Funny though the thought of photography being egocentric, or art in general. One could look at someone such as Elliott Smith, and see how self-indulgent his work was, yet at the same time, one might look upon his work and see how many people were affected by it.

Strange how that happens.

Anonymous said...

Every photograph is exploitive in one or another but to dwell on this, I think, is to miss the point. This is a too unsophisticated a level for discussion of Zoe's work sort of like if were to grill her about use of Photoshop or something. Moreover, photographing a person is not the only way one can go about exploiting them and you'd be hard pressed to find someone who was not guilty of this outside of, say, a Buddhist monastery.

ZS said...

Thanks for the comments, friends. I was hoping for a response from Robert that would lead to a real discussion of personal responsibility in relation to image ownership and image dissemination. But, no, it was just haters hating on the "notorious" and I can not be bothered with that bullshit.

wrobertangell@gmail.com said...
This comment has been removed by the author.
ZS said...

I am glad to hear that, Robert. But remember, we are having a discourse in a public forum and this is my forum about my work and about my life. You didn't email or call me, your comment was obviously written with the intent of allowing others to read it in my public forum. That makes a big difference to me...I am all for civility.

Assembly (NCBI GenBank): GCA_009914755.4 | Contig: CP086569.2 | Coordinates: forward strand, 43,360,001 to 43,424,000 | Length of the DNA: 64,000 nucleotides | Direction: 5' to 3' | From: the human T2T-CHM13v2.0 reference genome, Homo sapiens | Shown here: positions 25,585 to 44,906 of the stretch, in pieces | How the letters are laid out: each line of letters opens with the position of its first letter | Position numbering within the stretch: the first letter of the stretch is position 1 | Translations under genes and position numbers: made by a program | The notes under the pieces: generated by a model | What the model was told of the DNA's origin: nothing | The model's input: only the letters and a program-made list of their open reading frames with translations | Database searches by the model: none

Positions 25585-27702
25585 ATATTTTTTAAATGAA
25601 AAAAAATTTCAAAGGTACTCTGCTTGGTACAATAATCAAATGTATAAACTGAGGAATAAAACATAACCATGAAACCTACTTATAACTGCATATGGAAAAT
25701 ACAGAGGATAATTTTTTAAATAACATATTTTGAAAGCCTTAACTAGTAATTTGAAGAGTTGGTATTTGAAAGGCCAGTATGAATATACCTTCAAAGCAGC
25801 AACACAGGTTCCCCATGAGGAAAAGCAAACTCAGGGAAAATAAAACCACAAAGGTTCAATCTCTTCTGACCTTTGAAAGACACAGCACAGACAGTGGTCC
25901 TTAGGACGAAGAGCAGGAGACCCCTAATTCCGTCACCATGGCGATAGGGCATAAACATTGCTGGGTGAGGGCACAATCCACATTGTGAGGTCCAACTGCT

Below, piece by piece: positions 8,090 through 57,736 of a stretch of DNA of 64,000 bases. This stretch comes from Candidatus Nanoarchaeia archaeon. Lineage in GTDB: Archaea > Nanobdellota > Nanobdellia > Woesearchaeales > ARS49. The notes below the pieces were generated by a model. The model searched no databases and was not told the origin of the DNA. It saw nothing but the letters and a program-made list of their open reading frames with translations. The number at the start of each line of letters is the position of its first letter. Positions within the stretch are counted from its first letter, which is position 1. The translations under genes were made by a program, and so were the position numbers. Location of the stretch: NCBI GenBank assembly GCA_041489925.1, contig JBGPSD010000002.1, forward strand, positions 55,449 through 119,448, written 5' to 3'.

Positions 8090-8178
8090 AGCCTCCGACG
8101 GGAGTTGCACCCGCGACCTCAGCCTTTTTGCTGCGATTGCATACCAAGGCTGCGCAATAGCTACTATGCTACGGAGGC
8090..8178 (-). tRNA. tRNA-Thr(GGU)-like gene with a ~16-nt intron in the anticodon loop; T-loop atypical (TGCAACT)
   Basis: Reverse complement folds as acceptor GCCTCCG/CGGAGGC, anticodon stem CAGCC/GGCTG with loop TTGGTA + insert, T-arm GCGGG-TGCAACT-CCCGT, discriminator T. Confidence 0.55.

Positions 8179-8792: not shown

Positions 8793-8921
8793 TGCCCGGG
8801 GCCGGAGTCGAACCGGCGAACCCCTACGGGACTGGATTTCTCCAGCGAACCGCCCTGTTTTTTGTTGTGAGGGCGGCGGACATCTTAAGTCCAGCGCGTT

So, when you comment in my public forum and you attack my work, you really need to back yourself up. And attack is the correct word because "exploitive" is immoral and you are then calling me immoral. Not my work, but the person who has produced it. It's inseparable. And you didn't phrase it as a question, you put it out as your opinion. Not to say you can't hate my work or think it irrelevant, although of course you'd be wrong, but you intended to inflame with your comment as one can see from your responses and I let it go on too long in hopes of kindling a back and forth that would address real issues. I can't help but think that you don't know my work, unless you have been to one of the slideshows or I-95, considering that my online images are just a part of my working process... but that's a risk I take in allowing transparency of my process and a risk I think is well worth it. You are most certainly entitled to your opinion about my work but realize that where you put your words and how you phrase your words is important.